As of 0730 10 September 2018, Apple has finally removed the apps named above from its UK App Store, and apparently from its other App Stores too. However, there are still a lot of apps which need to be more thoroughly investigated as to their efficacy and legitimacy: search on adware for example to see a lot which make bold claims that would appear to be impossible under App Store rules.

Tom Reeve:

Dr Cleaner was reportedly removed from the Apple App Store on Friday and Dr Antivirus, also owned by Trend, was reportedly removed this morning.

Privacy 1st:

Update: Apple removed most of the TrendMicro apps including the fake developer account they had to promote the Open Any Files, which was reported as malware by @thomasareed from @Malwarebytes . Kudos to @Apple for fast action.

Thomas Reed:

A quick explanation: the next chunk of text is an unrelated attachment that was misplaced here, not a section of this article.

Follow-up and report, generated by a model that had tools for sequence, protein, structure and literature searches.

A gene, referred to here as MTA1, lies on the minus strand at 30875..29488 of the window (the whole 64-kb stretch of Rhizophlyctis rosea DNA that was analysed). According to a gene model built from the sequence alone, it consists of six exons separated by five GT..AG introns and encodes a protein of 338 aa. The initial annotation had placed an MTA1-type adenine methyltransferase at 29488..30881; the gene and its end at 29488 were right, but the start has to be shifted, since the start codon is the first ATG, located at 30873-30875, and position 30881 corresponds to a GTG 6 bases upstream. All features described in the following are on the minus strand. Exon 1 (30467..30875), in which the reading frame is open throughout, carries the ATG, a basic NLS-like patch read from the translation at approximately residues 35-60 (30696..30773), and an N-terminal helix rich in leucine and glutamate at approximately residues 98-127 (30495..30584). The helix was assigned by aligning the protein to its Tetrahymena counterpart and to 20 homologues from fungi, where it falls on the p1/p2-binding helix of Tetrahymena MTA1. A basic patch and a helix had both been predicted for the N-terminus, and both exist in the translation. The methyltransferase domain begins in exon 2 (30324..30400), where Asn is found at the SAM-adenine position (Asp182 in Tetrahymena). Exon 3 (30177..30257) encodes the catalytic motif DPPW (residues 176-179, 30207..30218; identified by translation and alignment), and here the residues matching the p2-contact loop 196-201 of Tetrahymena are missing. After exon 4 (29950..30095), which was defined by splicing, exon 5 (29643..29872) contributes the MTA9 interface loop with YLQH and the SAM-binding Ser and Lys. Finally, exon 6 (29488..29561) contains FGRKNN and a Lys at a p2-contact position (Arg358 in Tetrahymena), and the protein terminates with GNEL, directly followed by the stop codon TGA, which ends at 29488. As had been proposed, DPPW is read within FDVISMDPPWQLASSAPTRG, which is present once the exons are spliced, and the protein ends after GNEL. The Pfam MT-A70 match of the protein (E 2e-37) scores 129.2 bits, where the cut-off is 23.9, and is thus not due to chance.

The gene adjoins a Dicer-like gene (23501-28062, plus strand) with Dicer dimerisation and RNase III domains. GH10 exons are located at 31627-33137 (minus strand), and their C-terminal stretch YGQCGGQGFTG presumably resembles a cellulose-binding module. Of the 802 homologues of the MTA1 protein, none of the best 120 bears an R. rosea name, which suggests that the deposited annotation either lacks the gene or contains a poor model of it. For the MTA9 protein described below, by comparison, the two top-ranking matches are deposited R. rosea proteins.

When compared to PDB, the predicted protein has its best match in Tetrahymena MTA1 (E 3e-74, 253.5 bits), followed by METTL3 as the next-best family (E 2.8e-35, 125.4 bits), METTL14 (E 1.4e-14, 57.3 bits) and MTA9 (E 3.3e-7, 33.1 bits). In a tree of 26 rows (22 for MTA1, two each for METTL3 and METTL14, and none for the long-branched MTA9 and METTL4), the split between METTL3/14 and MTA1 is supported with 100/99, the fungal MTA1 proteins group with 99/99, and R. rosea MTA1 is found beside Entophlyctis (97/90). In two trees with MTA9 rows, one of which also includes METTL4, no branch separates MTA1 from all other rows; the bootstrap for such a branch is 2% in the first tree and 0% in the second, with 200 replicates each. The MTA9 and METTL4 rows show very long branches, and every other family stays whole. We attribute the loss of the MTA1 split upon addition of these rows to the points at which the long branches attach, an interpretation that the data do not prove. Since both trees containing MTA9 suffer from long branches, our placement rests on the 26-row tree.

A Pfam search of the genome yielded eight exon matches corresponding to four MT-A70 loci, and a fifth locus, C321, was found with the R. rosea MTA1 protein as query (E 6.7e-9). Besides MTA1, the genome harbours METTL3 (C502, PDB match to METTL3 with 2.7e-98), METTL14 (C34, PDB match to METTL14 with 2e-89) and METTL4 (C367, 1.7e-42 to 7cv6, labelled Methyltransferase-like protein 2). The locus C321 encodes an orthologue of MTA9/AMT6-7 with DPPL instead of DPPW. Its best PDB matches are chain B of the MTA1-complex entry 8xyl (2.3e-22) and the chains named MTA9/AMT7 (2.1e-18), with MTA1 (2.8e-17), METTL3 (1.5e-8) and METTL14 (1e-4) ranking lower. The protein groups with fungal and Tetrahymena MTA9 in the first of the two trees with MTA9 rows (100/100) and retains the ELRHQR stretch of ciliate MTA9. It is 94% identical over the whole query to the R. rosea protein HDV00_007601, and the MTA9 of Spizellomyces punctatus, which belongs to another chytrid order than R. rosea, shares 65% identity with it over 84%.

Be suspicious of every single antivirus on the App Store. Even the legit ones are junk because of the limitations that will prevent them from detecting all threats.

Trend Micro:

Reports that Trend Micro is “stealing user data” and sending them to an unidentified server in China are absolutely false.

Trend Micro has completed an initial investigation of a privacy concern related to some of its MacOS consumer products. The results confirm that Dr Cleaner, Dr Cleaner Pro, Dr. Antivirus, Dr. Unarchiver, Dr. Battery, and Duplicate Finder collected and uploaded a small snapshot of the browser history on a one-time basis, covering the 24 hours prior to installation. This was a one-time data collection, done for security purposes (to analyze whether a user had recently encountered adware or other threats, and thus to improve the product & service). The data collected was explicitly identified to the customer in the data collection policy and is highlighted to the user during the install. The browser history data was uploaded to a U.S.-based server hosted by AWS and managed/controlled by Trend Micro.

Thomas Reed: